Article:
The impact of ‘sleep marathons’ on your brain and athletic performance
Every athlete knows that education is a crucial part of performance.Sportand exercise research, insight from top trainers, science, andtechnologyhelp you to better understand your body so you can craft a healthier lifestyle, workouts, and recovery plan.
In ourdaily news series, Matt Berenc, director of education at the Equinox Fitness Training Institute, addresses some of the latest fitness research and news stories.
Today’s Topic:Can athletes catch up on missed sleep?
The Science: Researchers at Baylor University looked at how irregular sleep patterns (too-little sleep followed by a ‘sleep marathon’) impacted the creativity and working memory of interior design students. “Unsurprisingly, the results showed reduced performance in both categories,” says Berenc.
EQX Expert Insight: “Even though this research focused specifically on students, the results apply equally to athletes who employ the same faulty sleep patterns,” says Berenc. “When sleep deprived, athletes will take longer to react, be more prone for errors, and generally not be as crisp in their execution of key skills.” What’s more, your workout will feel 10 to 20 percent harder than it would when you’re well-rested. “What you would normally rate as being a six out of 10 in difficulty, suddenly becomes an eight or a nine with no change to the actual intensity,” says Berenc. The negative impact of reduced sleep also shows up in recovery. “It is during our sleep that our body rebuilds from the day’s stresses, mentally and physically. When you take that away, you are not able to adapt to training as well,” Berenc concludes.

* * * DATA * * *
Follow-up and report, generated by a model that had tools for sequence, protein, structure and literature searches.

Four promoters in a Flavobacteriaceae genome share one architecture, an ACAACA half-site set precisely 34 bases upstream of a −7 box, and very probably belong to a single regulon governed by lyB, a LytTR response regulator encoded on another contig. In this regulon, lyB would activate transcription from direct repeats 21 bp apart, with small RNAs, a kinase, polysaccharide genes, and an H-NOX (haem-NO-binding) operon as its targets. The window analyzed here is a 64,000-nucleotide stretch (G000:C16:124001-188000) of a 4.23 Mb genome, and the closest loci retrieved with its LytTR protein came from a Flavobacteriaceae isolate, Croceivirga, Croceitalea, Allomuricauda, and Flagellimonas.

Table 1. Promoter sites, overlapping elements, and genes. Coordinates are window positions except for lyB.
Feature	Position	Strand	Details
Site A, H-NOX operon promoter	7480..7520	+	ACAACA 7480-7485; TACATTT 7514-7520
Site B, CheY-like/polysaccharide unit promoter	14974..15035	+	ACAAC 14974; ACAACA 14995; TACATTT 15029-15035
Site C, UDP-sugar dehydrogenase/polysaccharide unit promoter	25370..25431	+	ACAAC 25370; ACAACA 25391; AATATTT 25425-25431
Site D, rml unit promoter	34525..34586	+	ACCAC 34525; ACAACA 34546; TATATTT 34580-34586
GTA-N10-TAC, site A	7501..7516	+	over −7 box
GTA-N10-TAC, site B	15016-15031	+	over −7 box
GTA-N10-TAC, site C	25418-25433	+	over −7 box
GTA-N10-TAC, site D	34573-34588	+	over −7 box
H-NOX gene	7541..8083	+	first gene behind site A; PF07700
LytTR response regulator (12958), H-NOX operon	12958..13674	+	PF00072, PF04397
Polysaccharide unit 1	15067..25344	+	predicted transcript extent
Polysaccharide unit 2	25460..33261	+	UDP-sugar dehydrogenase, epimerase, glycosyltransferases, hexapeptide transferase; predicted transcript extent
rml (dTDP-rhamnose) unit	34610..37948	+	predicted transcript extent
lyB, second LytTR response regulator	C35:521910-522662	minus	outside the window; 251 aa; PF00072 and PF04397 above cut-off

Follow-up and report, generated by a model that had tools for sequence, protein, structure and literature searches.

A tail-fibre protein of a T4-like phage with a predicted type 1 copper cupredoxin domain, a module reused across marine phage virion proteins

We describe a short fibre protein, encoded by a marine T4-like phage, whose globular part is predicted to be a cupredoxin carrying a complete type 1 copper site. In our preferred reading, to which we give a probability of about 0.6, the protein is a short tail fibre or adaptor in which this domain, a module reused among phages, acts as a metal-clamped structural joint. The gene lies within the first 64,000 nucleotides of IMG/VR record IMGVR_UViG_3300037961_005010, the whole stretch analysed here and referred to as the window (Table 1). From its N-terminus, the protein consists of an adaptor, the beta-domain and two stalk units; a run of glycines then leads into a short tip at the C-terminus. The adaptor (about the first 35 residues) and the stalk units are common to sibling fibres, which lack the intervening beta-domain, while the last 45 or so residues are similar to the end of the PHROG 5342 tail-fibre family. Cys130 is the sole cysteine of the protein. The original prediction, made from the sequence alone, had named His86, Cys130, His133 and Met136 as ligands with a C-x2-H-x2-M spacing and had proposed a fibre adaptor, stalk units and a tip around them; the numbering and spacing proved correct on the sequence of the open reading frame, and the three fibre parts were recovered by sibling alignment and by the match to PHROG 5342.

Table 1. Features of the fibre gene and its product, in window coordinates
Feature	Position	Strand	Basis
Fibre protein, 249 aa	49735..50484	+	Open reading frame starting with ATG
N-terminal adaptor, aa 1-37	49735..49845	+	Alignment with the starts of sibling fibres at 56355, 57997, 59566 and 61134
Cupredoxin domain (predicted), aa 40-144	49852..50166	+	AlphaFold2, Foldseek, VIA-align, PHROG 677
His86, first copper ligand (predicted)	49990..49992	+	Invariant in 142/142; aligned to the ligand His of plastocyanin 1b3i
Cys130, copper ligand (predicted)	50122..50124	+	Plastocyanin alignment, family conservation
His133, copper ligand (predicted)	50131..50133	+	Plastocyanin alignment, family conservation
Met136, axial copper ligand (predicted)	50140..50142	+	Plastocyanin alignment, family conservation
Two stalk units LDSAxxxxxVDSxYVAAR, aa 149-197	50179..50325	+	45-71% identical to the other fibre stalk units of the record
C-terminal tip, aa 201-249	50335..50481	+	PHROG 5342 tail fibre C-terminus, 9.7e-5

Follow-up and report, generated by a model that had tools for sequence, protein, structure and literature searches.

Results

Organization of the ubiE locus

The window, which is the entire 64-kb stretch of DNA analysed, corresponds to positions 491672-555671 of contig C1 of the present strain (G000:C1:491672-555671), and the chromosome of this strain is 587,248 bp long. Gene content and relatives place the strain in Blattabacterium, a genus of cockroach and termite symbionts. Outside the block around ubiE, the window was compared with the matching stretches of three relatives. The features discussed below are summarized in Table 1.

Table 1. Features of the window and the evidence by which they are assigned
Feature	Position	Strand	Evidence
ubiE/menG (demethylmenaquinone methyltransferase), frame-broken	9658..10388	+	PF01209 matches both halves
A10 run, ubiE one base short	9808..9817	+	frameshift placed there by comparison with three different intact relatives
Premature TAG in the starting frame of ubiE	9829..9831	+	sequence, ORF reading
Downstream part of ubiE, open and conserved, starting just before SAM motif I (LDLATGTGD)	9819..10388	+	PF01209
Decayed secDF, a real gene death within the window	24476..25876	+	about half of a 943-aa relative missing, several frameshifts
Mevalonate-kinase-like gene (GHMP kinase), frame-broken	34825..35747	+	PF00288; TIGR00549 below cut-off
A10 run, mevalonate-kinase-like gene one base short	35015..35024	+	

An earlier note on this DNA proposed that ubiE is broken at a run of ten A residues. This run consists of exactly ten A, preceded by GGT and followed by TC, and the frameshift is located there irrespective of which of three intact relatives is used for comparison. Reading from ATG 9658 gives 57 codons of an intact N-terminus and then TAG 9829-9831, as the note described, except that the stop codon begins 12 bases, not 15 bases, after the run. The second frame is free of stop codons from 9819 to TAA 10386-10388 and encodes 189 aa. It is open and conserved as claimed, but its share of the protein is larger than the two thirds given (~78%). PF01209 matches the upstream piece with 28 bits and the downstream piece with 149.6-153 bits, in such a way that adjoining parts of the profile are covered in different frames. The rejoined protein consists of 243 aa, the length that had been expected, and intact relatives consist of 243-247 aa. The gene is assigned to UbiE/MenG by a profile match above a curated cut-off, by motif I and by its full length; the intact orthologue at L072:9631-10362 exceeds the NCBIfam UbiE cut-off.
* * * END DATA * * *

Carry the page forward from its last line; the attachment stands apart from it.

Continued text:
The Bottom Line: "There is no honor in skipping sleep, even if you plan to sleep in the next day, particularly if you want to perform at a high level in any capacity,” per Berenc. (Read more about athletes and sleep recommendations here.)